Feb. 13 (Bloomberg) -- Japan’s economy shrank an annualized 2.3 percent in the fourth quarter, more than economists estimated, as slumping exports undermine a recovery from last year’s record earthquake.
The contraction compared with the median forecast for a 1.3 percent decline in a Bloomberg News survey of 26 economists. Growth was a revised 7 percent in the previous quarter, the Cabinet Office said today in Tokyo.
Today’s report underscores pressure on Bank of Japan officials meeting today and tomorrow to consider more monetary easing as gains in the yen worsen losses for companies from Sony Corp. to Panasonic Corp. At the same time, the world’s third- biggest economy may get a boost this quarter from more reconstruction work, fading disruptions from floods in Thailand, and signs of improvements in the U.S.
“The drop was mainly due to weak exports exacerbated by slowing global demand and the impact of the Thai floods,” Yoshimasa Maruyama, chief economist at Itochu Corp., said in Tokyo today. The central bank may reserve more easing for any “excessive yen gains and a deterioration in overseas economies,” Maruyama said.
In Hong Kong, Financial Secretary John Tsang said the city’s economy may shrink if exports fail to improve this quarter, according to a transcript posted on a government website yesterday. In China, Premier Wen Jiabao said economic “fine-tuning” may be needed as early as this quarter, according to a Xinhua News Agency report yesterday.
Asian Stocks Climb
In Australia, home-loan approvals jumped by the most in seven months in December after interest-rate reductions, a statistics bureau report showed.
Asian stocks advanced, after Greek lawmakers approved austerity measures to secure bailout funds. The MSCI Asia Pacific Index rose 0.7 percent as of 1:08 p.m. in Tokyo. The yen traded at 77.58 per dollar, compared with a postwar record of 75.35 per dollar on Oct. 31.
In other economic reports due today, Germany will release wholesale price data, Switzerland gives producer and import prices, and Mexico may report that industrial production grew 0.5 percent in December from the previous month after a 0.1 percent gain in November.
In Japan, analyst Junko Nishioka at RBS Securities Japan Ltd. forecasts that GDP will expand 1.6 percent this quarter and Masamichi Adachi, senior economist at JP Morgan Securities in Tokyo, forecasts 1.8 percent growth.
Economy Minister Motohisa Furukawa cited the Thai floods and a “weak overseas recovery” for the fourth-quarter contraction, adding that the economy will “continue recovering slowly” and is on an upward swing. “We expect a steady increase in exports on a gradual recovery in the global economy,” Furukawa said.
Net exports, or overseas shipments less imports, subtracted 2.6 percentage points from annualized GDP, today’s report showed.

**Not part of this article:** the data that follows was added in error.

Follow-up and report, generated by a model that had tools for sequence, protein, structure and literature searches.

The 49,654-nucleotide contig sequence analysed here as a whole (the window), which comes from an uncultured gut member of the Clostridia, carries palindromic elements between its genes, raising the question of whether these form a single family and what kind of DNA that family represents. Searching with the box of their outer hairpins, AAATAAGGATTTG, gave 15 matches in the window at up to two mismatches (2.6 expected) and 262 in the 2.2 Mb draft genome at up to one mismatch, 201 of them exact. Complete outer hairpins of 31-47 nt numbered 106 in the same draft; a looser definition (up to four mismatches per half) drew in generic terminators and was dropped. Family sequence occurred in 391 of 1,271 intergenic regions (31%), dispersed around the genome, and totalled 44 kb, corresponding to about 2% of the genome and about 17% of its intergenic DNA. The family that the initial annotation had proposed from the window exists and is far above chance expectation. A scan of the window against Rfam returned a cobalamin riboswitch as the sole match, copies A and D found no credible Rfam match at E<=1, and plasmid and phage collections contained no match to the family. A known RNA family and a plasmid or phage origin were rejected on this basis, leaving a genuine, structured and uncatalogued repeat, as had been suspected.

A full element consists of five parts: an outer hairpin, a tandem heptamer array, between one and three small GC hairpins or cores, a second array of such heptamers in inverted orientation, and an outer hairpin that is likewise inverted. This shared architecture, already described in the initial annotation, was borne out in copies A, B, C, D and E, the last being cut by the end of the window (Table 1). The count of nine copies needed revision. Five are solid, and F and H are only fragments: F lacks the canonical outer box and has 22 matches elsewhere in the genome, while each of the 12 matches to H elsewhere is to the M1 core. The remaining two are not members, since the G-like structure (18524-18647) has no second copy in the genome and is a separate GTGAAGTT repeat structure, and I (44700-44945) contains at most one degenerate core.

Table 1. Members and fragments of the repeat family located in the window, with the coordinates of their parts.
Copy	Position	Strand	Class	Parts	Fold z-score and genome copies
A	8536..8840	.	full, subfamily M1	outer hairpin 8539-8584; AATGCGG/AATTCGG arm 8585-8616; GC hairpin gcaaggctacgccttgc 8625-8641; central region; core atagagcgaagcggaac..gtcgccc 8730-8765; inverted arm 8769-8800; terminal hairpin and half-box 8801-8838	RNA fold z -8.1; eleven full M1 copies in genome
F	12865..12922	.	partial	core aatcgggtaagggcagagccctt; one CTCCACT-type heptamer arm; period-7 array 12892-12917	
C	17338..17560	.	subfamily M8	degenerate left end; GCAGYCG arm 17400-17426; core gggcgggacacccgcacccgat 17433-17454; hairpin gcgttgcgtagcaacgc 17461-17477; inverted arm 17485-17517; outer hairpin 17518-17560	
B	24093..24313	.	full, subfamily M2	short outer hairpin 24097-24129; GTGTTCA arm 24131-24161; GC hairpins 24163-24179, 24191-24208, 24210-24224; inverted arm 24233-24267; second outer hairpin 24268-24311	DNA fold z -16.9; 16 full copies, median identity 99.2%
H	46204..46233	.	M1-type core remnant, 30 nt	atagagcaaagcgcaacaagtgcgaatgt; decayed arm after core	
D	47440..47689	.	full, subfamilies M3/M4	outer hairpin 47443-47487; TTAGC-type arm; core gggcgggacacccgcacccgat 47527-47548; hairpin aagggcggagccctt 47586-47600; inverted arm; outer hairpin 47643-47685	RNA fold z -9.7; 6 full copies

Fuel shipments are swelling the import bill after nuclear plant shutdowns because of the earthquake and tsunami last March. Japan’s government today agreed to $8.9 billion of aid for Tokyo Electric Power Co., the owner of the crippled Fukushima plant.
Capital investment rose 7.9 percent, the first increase in five quarters, and consumer spending rose 1.2 percent, the third straight advance.
Bank of Japan Governor Masaaki Shirakawa said last week that the economy is in a “severe” condition because of deflation and gains in the yen. The GDP deflator, a gauge of price trends, fell 1.6 percent in the fourth quarter from a year earlier. In nominal terms, GDP contracted an annualized 3.1 percent from the previous quarter.
Furukawa said yesterday on television that the central bank may need to improve communication of its stance on prices, after the Wall Street Journal cited an unnamed person as saying that the topic would be considered by officials. So far, the BOJ has avoided setting an explicit inflation target.
Panasonic, the world’s largest maker of plasma televisions, said on Feb. 3 that it almost doubled its annual loss forecast to a record 780 billion yen because of the Thailand floods and slowing demand for TVs.
Sony, Japan’s largest consumer-electronics exporter, said on Feb. 2 that it widened its full-year net loss forecast to 220 billion yen from the 90 billion-yen loss predicted in November.
First-quarter growth may get a boost as earthquake reconstruction work kicks in, said Masayuki Kichikawa at Merrill Lynch Japan Securities Co.
Parliament last week passed Prime Minister Yoshihiko Noda’s 2.5 trillion yen ($32 billion) recovery package from the earthquake and tsunami, the fourth supplementary budget since the disaster. The government will allocate 300 billion yen for the eco-friendly car subsidies as part of its fourth extra budget.
“If exports stop falling as the impact of the flooding in Thailand winds down, overall GDP is likely to return to growth,” Kichikawa said before the report.
The International Monetary Fund estimates that Japan’s economy will grow 1.7 percent in 2012, compared with a likely 1.8 percent expansion for the U.S. and an estimated 0.5 percent contraction for the euro area.
--With assistance from Theresa Barraclough, Andy Sharp and Toru Fujioka in Tokyo. Editors: Paul Panckhurst, Lily Nonomiya
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